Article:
NEW CENTURY FINANCIAL SERVICES, INC. v. BLACKIE No. A-0246-10T4.
NEW CENTURY FINANCIAL SERVICES, INC., Plaintiff-Respondent, v. CATHRINA BLACKIE, Defendant-Appellant.
Superior Court of New Jersey, Appellate Division.
Decided March 6, 2012.
David Wisniewski argued the cause for appellant.
Lawrence J. McDermott, Jr. , argued the cause for respondent (Pressler and Pressler, L.L.P., attorneys; Mr. McDermott, on the brief).
Before Judges Ashrafi and Fasciale.
NOT FOR PUBLICATION
Defendant Cathrina Blackie appeals from a July 9, 2010 order of the Special Civil Part denying her motion for reconsideration of a prior order dated April 1, 2010. The prior order denied her motion to vacate a default judgment entered by the clerk of the Special Civil Part on February 8, 2010. Defendant did not file a notice of appeal from the April 1, 2010 order, and her motion for reconsideration was not timely filed under
Plaintiff New Century Financial Services, Inc. filed a one-page complaint against defendant on December 10, 2009, in which it claimed to be the owner of a specifically numbered Sears Premier Card account that was in default, and the total sum of $1,395.01 was due from defendant on that account. On December 15, 2009, the clerk of the Special Civil Part served the complaint and a summons by mail upon defendant at the address provided by plaintiff. Under
The Postal Service returned the certified mailing of the summons and complaint to the court stamped "unclaimed." Upon plaintiff's application, the clerk of the Special Civil Part entered a default judgment for a total of $1,481.42, which included court costs of $39.00 and statutory attorney's fees of $42.98. On February 12, 2010, plaintiff's attorney wrote to defendant informing her of the default judgment.
On March 11, 2010, pro bono counsel for defendant filed a motion to vacate the default judgment. Defendant's certification in support of the motion asserted that she had not received the summons and complaint and that the February 12, 2010 letter from plaintiff's attorney was her first notification of the court action against her.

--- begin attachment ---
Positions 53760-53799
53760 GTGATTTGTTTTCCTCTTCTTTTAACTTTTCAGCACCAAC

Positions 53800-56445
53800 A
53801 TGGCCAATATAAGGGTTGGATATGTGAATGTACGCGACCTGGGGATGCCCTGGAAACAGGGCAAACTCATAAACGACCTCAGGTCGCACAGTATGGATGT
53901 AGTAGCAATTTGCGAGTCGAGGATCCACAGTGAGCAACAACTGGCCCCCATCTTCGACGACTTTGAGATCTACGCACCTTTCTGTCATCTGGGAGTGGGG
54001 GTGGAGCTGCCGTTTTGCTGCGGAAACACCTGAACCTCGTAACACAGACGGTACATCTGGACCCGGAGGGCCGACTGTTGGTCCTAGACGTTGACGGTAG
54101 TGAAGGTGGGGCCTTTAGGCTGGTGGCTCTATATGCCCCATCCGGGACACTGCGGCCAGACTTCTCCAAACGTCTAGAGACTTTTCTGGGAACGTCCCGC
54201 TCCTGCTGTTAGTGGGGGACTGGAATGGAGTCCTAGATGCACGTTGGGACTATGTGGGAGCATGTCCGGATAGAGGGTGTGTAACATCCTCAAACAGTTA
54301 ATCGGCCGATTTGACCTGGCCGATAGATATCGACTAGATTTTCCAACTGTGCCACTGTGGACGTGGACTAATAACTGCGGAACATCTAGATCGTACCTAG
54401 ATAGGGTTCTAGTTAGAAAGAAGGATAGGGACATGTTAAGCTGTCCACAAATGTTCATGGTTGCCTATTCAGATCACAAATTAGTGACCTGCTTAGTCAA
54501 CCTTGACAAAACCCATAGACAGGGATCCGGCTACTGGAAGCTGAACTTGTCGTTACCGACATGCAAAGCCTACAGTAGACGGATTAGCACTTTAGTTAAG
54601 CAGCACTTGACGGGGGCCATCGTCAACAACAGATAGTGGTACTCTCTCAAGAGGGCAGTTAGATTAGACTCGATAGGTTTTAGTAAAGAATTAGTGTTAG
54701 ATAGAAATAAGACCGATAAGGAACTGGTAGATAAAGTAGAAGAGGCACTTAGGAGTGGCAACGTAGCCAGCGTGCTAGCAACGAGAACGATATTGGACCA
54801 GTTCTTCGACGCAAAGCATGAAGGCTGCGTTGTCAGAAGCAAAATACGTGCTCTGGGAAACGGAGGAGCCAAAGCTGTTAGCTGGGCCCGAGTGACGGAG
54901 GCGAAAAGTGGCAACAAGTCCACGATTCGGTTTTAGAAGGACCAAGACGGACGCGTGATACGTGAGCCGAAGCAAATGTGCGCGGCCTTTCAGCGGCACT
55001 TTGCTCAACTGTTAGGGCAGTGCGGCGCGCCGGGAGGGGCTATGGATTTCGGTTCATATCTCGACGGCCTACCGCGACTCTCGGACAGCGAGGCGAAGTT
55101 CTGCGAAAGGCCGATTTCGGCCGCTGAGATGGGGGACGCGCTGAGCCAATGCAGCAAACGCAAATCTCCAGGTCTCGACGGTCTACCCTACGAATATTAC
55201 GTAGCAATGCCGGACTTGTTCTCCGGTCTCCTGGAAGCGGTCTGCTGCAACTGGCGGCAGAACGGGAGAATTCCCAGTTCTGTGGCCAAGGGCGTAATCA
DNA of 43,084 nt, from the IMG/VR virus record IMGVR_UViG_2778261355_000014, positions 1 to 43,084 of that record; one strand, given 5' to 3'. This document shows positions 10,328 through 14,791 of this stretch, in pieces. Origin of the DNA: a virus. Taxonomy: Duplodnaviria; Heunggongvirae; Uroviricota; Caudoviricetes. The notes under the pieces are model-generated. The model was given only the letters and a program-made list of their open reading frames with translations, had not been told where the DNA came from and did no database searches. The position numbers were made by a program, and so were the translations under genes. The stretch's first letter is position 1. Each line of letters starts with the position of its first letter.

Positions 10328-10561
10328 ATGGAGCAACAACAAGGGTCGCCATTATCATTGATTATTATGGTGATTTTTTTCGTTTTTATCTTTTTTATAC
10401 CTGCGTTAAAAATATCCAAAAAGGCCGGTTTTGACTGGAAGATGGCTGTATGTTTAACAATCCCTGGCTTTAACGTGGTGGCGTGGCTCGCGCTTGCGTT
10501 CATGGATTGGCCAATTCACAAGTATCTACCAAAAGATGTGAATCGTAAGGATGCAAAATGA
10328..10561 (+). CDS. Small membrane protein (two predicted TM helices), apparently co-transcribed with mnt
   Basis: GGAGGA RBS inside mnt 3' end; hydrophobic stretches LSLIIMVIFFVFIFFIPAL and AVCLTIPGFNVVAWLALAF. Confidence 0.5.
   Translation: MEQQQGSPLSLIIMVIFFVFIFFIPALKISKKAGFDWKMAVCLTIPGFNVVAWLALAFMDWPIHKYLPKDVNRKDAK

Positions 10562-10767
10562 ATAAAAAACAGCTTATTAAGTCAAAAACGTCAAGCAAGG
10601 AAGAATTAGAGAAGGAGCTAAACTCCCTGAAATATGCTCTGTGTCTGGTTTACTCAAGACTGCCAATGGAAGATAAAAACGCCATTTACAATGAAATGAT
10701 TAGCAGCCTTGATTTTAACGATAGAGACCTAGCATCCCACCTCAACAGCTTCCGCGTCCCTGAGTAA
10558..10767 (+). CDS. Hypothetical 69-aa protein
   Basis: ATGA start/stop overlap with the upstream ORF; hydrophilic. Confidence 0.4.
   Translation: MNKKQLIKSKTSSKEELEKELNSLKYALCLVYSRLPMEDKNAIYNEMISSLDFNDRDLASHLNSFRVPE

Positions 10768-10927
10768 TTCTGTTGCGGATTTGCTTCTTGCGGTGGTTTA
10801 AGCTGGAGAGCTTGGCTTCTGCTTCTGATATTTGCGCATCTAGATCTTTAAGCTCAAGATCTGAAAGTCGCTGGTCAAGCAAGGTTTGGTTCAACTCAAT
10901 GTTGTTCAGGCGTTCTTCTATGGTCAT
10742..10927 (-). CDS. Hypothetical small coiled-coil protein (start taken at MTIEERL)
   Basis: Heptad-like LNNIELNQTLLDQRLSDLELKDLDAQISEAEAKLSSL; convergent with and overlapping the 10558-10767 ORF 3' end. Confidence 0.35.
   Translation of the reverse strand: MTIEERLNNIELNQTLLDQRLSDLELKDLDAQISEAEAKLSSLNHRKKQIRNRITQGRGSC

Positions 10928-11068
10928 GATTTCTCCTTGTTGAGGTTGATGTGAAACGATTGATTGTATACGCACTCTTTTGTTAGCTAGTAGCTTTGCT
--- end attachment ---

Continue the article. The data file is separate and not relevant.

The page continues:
On April 1, 2010, the court denied defendant's motion to vacate the judgment, stating in its order that mailed service was effective under the court rules and that defendant had shown neither excusable neglect for her failure to answer the summons and complaint nor a meritorious defense to plaintiff's claim of money owed.
On June 21, 2010, counsel for defendant filed a motion for reconsideration. The court denied the motion on July 9, 2010, stating in its order that the motion was untimely under
On appeal, defendant argues that plaintiff's debt-collection tactics were unfair because they failed to include sufficient information about the debt and plaintiff's entitlement to a judgment. She argues that we should adopt rules and requirements to balance the equities between debt collectors and unsophisticated debtors engaged in litigation.
We decline to use this appeal for the broad policy-making purposes advocated by pro bono defense counsel. The procedural and factual record before us is inappropriate for a holding that would affect many other litigants and alter the process employed in our courts for debt collection cases. We will limit our decision to the factual and procedural issues of this case.
We lack jurisdiction to determine the merits of defendant's contentions on appeal because she did not pursue her appeal in a timely manner. Had defendant filed a notice of appeal within forty-five days,